Science is a force for good in our world, improving lives of people all across Earth in immeasurable ways. But it is also a very powerful tool that can become dangerous in some situations. Especially when it gets entangled in politics. At other times, science’s inherent ambition to push boundaries of what is known can also lead to some heart-stopping moments.
The following list is in no way exhaustive but gives us a place to start when thinking about the serious responsibility that comes with the march of science.
1. Project MKUltra
The infamous project MKUltra was CIA's attempt at mastering mind control. The program started in the 1950s and lasted seemingly until 1966. Under MKUltra, often-unwilling subjects were given drugs, especially hallucinogenics like LSD. The people tested were also put through sleep and sensory deprivation, hypnosis, sexual abuse, and other kinds of psychological torture, while some tests proved lethal.
The supposed goal of the project was some combination of chemical weapons research and effort to create mind-controlling drugs to combat the Soviets.
2. Weaponizing the Plague
The last time plague roamed around, it killed around half of Europe’s population, reducing the amount of people in the world by nearly a 100 million during the 13th and 14th century. In the late 1980s, the Soviet Union’s biological warfare research program figured out how to use the plague as a weapon, to be launched at enemies in missile warheads. What could go wrong? Besides the plague, defectors revealed that the Soviet bio-weapons program also had hundreds of tons of anthrax and tons of smallpox.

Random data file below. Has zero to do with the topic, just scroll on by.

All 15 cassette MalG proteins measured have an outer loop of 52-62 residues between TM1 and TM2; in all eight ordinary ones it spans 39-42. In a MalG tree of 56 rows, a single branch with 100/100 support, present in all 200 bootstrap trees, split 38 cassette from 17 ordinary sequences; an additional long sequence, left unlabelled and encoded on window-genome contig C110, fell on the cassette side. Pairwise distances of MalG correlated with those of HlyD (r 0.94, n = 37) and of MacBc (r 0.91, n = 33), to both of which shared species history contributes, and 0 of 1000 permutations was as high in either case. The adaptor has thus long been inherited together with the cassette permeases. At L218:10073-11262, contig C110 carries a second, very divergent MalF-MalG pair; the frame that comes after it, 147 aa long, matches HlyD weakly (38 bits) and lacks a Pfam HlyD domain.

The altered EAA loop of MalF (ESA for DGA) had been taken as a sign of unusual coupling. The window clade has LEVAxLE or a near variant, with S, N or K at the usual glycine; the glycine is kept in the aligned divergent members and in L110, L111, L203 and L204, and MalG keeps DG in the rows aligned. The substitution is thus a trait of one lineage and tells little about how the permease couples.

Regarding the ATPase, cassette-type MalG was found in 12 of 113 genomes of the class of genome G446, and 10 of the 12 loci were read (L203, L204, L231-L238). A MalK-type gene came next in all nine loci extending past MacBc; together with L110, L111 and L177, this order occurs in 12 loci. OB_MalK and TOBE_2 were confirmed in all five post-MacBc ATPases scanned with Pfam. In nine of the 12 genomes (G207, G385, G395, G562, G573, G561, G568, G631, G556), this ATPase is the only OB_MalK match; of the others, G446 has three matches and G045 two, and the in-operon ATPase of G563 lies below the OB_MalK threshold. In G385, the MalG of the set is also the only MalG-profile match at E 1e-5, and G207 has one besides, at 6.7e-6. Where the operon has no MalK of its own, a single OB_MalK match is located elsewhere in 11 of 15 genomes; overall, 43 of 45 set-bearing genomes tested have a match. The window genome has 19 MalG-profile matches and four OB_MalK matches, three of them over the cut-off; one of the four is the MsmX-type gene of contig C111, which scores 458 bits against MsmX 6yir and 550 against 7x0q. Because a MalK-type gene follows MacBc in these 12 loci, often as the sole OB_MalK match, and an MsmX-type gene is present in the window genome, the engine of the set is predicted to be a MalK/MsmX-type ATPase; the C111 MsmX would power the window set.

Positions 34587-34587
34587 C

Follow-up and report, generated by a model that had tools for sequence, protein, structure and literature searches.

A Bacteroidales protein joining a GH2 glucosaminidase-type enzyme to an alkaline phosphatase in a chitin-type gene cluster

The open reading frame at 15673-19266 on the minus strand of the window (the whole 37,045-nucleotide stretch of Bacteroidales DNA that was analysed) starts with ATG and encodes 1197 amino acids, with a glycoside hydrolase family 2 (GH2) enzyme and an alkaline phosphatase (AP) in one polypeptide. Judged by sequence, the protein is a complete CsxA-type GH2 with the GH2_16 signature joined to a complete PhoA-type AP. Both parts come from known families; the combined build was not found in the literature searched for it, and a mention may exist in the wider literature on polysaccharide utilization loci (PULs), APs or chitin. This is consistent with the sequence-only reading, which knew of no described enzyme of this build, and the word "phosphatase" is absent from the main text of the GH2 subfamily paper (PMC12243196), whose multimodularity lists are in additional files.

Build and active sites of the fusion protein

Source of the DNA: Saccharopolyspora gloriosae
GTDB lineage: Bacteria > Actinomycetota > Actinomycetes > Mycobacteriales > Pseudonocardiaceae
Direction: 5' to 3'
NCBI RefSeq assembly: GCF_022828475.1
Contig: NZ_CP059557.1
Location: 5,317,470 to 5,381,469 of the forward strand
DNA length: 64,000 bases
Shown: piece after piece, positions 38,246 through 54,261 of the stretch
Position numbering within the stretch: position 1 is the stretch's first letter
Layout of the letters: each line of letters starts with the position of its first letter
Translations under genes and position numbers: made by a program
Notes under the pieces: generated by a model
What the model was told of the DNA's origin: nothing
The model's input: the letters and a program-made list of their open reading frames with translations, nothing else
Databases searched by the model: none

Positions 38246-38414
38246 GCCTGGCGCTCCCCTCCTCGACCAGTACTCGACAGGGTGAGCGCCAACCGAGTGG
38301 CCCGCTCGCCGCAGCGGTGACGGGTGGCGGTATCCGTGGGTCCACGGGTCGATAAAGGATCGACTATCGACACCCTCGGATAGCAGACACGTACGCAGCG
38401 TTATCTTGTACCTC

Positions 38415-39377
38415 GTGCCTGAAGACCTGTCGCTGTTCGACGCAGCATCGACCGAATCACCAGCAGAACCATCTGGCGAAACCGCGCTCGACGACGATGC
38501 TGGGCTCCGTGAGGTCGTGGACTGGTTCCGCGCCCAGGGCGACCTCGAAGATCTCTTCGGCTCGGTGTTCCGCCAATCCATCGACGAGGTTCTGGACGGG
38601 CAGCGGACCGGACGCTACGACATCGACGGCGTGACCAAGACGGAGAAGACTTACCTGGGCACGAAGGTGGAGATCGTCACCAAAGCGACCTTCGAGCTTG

3. The Large Hadron Supercollider
The Large Hadron Collider (LHC) in Switzerland, built to study particle physics, is the world’s largest machine and single most sophisticated scientific instrument. Because of this and the cutting-edge research its involved in, the LHC has prompted more than its share of fears from the general public. It has been blamed for causing earthquakes and pulling asteroids towards Earth.
A giant magnet used in the Large Hadron Collider, weighing 1920 tonnes. 28 February, 2007 at the European Organization for Nuclear Research (CERN) in Geneva. (Photo credit: JEAN-PIERRE CLATOT/AFP/Getty Images)
While conspiracy theories around the LHC have generally been disproven, it has also been accused of potentially creating black holes that could swallow Earth, a possibility that was curiously not completely discounted by the CERN, the organization running the collider.